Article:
In this long, often surprisingly candid narrative, Obama depicts a callow youth spent playing basketball and “getting loaded,” his early reading of difficult authors serving as a way to impress coed classmates. (“As a strategy for picking up girls, my pseudo-intellectualism proved mostly worthless,” he admits.) Yet seriousness did come to him in time and, with it, the conviction that America could live up to its stated aspirations. His early political role as an Illinois state senator, itself an unlikely victory, was not big enough to contain Obama’s early ambition, nor was his term as U.S. Senator. Only the presidency would do, a path he painstakingly carved out, vote by vote and speech by careful speech. As he writes, “By nature I’m a deliberate speaker, which, by the standards of presidential candidates, helped keep my gaffe quotient relatively low.” The author speaks freely about the many obstacles of the race—not just the question of race and racism itself, but also the rise, with “potent disruptor” Sarah Palin, of a know-nothingism that would manifest itself in an obdurate, ideologically driven Republican legislature. Not to mention the meddlings of Donald Trump, who turns up in this volume for his idiotic “birther” campaign while simultaneously fishing for a contract to build “a beautiful ballroom” on the White House lawn. A born moderate, Obama allows that he might not have been ideological enough in the face of Mitch McConnell, whose primary concern was then “clawing [his] way back to power.” Indeed, one of the most compelling aspects of the book, as smoothly written as his previous books, is Obama’s cleareyed scene-setting for how the political landscape would become so fractured—surely a topic he’ll expand on in the next volume.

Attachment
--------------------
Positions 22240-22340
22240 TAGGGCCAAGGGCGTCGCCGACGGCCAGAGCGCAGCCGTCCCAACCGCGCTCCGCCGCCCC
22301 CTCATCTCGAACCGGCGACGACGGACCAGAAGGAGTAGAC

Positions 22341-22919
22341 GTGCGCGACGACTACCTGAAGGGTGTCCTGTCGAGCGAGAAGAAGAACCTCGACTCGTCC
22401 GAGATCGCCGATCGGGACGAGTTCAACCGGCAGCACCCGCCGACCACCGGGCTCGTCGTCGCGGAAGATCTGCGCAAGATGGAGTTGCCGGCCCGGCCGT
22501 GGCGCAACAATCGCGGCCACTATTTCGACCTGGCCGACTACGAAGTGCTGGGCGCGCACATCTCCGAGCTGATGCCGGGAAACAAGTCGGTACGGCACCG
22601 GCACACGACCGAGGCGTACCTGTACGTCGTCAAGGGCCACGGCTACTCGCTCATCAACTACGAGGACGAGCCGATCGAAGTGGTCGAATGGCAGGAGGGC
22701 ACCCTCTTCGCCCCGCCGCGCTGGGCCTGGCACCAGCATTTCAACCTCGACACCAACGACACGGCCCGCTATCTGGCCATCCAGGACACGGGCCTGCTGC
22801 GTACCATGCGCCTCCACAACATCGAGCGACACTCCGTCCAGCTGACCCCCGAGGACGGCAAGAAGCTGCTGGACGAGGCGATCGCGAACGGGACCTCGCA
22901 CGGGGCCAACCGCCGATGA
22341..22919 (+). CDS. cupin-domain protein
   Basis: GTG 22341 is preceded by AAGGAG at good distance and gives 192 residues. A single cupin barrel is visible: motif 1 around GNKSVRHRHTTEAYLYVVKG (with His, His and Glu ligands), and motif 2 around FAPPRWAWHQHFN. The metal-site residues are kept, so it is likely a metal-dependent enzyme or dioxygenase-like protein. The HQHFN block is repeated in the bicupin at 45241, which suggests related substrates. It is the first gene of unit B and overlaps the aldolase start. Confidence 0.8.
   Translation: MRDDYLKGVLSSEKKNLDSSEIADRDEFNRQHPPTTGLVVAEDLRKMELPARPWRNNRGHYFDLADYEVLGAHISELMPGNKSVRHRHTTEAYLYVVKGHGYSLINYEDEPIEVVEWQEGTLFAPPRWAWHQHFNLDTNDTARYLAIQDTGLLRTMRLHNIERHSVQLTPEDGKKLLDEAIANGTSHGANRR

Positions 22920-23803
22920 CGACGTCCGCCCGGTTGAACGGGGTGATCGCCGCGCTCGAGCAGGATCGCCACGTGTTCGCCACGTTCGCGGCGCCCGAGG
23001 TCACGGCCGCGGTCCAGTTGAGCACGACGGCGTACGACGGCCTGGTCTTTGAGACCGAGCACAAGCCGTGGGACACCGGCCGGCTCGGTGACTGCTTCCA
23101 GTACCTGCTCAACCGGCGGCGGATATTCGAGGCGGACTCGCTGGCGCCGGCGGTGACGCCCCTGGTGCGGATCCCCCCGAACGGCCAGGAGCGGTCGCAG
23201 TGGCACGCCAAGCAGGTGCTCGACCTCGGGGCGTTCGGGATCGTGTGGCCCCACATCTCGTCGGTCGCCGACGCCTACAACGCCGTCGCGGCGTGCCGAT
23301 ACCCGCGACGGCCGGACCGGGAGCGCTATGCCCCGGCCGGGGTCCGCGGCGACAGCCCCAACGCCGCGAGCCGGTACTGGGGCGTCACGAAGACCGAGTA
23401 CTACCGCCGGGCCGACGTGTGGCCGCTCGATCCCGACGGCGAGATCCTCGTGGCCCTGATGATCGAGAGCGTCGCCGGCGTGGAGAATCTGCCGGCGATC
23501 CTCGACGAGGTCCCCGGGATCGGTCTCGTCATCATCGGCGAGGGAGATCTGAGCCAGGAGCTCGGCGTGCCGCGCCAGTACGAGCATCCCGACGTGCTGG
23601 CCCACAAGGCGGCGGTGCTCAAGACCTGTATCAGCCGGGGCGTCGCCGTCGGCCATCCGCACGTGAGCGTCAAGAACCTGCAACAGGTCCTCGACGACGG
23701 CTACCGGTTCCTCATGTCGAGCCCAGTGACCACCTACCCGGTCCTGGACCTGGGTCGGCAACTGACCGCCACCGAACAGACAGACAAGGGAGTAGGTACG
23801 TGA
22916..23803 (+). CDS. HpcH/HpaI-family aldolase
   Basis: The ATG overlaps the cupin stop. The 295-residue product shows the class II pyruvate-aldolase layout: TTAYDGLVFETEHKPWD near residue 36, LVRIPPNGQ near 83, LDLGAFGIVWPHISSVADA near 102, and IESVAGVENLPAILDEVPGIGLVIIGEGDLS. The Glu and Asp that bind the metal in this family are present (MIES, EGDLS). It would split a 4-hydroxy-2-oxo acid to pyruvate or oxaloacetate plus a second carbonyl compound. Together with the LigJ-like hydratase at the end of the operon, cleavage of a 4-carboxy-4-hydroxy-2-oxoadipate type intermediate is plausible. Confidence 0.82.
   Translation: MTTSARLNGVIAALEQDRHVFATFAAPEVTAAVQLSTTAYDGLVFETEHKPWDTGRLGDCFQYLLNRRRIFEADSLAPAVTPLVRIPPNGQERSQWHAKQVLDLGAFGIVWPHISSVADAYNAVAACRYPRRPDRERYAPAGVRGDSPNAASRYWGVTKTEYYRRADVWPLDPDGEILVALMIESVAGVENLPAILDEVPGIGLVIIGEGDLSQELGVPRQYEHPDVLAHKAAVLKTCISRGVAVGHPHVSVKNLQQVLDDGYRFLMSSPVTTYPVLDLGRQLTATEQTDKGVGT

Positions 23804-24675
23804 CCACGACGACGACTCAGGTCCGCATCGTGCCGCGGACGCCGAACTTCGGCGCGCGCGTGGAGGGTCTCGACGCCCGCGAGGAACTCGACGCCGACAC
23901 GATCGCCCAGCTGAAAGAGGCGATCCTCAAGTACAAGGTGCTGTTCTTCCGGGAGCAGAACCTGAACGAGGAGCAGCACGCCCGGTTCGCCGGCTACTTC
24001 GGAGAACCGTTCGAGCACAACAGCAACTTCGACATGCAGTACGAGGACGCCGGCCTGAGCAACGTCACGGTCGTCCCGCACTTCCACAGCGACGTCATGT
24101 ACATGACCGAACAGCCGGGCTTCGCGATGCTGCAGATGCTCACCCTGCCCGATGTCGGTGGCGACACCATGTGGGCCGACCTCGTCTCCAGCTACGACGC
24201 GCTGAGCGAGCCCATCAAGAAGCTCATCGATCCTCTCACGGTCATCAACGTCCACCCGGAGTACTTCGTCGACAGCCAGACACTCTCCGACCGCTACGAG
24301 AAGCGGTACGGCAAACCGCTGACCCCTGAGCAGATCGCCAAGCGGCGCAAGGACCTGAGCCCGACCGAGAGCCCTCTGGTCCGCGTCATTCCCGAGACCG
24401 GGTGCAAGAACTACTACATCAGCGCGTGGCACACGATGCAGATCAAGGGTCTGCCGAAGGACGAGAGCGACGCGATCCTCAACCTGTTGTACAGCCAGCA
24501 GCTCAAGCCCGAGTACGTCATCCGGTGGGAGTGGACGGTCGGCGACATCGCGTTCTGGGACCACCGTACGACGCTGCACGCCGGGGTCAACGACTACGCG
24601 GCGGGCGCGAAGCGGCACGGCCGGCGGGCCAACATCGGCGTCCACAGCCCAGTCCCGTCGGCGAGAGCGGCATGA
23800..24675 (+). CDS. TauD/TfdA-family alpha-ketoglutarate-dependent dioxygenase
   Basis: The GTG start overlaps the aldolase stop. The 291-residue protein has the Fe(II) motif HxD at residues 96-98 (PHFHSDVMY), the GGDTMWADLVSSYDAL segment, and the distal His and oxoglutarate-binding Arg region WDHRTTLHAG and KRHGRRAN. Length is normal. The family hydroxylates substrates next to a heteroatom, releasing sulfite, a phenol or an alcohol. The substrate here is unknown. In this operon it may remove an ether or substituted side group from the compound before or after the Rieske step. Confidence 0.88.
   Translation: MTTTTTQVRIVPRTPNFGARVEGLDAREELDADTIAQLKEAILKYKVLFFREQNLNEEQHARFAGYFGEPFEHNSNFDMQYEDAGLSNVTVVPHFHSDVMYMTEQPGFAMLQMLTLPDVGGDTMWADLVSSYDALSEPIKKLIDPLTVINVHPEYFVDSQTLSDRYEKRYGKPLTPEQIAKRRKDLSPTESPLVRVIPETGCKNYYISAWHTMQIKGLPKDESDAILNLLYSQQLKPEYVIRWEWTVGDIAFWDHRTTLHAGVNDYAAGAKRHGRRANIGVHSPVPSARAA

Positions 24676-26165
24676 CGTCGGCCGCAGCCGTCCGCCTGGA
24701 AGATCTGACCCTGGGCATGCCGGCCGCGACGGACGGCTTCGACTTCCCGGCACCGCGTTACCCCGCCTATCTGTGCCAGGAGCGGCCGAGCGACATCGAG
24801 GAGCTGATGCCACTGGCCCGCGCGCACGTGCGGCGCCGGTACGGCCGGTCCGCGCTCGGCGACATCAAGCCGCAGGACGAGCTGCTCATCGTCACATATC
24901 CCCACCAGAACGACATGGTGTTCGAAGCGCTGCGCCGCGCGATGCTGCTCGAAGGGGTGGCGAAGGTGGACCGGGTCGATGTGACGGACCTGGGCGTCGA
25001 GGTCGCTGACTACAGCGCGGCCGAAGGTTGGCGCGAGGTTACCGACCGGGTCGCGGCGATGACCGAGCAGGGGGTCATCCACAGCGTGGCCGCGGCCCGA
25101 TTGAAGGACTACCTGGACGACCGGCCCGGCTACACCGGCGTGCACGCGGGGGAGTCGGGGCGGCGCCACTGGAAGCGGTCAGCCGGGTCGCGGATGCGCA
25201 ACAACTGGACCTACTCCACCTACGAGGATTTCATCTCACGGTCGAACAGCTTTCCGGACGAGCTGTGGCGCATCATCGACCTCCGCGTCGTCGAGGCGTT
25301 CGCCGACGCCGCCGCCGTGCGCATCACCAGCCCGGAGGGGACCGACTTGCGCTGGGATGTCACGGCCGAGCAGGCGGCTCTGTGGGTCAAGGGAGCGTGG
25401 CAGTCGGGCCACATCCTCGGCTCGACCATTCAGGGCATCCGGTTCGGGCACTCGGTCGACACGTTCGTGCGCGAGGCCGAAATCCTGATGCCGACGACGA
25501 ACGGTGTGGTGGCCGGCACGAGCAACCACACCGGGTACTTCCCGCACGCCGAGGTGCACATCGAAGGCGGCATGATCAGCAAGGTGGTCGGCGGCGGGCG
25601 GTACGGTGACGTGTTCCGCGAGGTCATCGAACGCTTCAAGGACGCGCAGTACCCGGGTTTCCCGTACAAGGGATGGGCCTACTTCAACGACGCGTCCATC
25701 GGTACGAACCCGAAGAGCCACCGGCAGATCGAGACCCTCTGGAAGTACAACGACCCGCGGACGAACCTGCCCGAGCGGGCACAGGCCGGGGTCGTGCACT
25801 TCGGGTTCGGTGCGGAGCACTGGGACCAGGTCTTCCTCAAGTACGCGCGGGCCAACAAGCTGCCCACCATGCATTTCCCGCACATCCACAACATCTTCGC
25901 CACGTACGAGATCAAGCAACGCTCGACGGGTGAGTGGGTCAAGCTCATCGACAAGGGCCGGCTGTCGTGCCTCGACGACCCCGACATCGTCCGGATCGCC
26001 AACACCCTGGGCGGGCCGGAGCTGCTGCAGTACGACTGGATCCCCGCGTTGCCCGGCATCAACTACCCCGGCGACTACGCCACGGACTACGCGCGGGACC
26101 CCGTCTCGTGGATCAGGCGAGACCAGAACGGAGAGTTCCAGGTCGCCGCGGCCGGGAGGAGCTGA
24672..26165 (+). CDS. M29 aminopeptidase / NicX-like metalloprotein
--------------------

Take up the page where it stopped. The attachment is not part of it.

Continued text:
A top-notch political memoir and serious exercise in practical politics for every reader.

Pub Date: Nov. 17, 2020

ISBN: 978-1-5247-6316-9

Page Count: 768

Publisher: Crown

Review Posted Online: Nov. 16, 2020

Kirkus Reviews Issue: Dec. 15, 2020

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This guide to Black culture for White people is accessible but rarely easy.

UNCOMFORTABLE CONVERSATIONS WITH A BLACK MAN

A former NFL player casts his gimlet eye on American race relations.

In his first book, Acho, an analyst for Fox Sports who grew up in Dallas as the son of Nigerian immigrants, addresses White readers who have sent him questions about Black history and culture. “My childhood,” he writes, “was one big study abroad in white culture—followed by studying abroad in black culture during college and then during my years in the NFL, which I spent on teams with 80-90 percent black players, each of whom had his own experience of being a person of color in America. Now, I’m fluent in both cultures: black and white.” While the author avoids condescending to readers who already acknowledge their White privilege or understand why it’s unacceptable to use the N-word, he’s also attuned to the sensitive nature of the topic. As such, he has created “a place where questions you may have been afraid to ask get answered.” Acho has a deft touch and a historian’s knack for marshaling facts. He packs a lot into his concise narrative, from an incisive historical breakdown of American racial unrest and violence to the ways of cultural appropriation: Your friend respecting and appreciating Black arts and culture? OK. Kim Kardashian showing off her braids and attributing her sense of style to Bo Derek? Not so much. Within larger chapters, the text, which originated with the author’s online video series with the same title, is neatly organized under helpful headings: “Let’s rewind,” “Let’s get uncomfortable,” “Talk it, walk it.” Acho can be funny, but that’s not his goal—nor is he pedaling gotcha zingers or pleas for headlines. The author delivers exactly what he promises in the title, tackling difficult topics with the depth of an engaged cultural thinker and the style of an experienced wordsmith. Throughout, Acho is a friendly guide, seeking to sow understanding even if it means risking just a little discord.

This guide to Black culture for White people is accessible but rarely easy.

Pub Date: Nov. 10, 2020

ISBN: 978-1-250-80046-6

Page Count: 256

Publisher: Flatiron Books

Review Posted Online: Oct. 13, 2020

Kirkus Reviews Issue: Nov. 1, 2020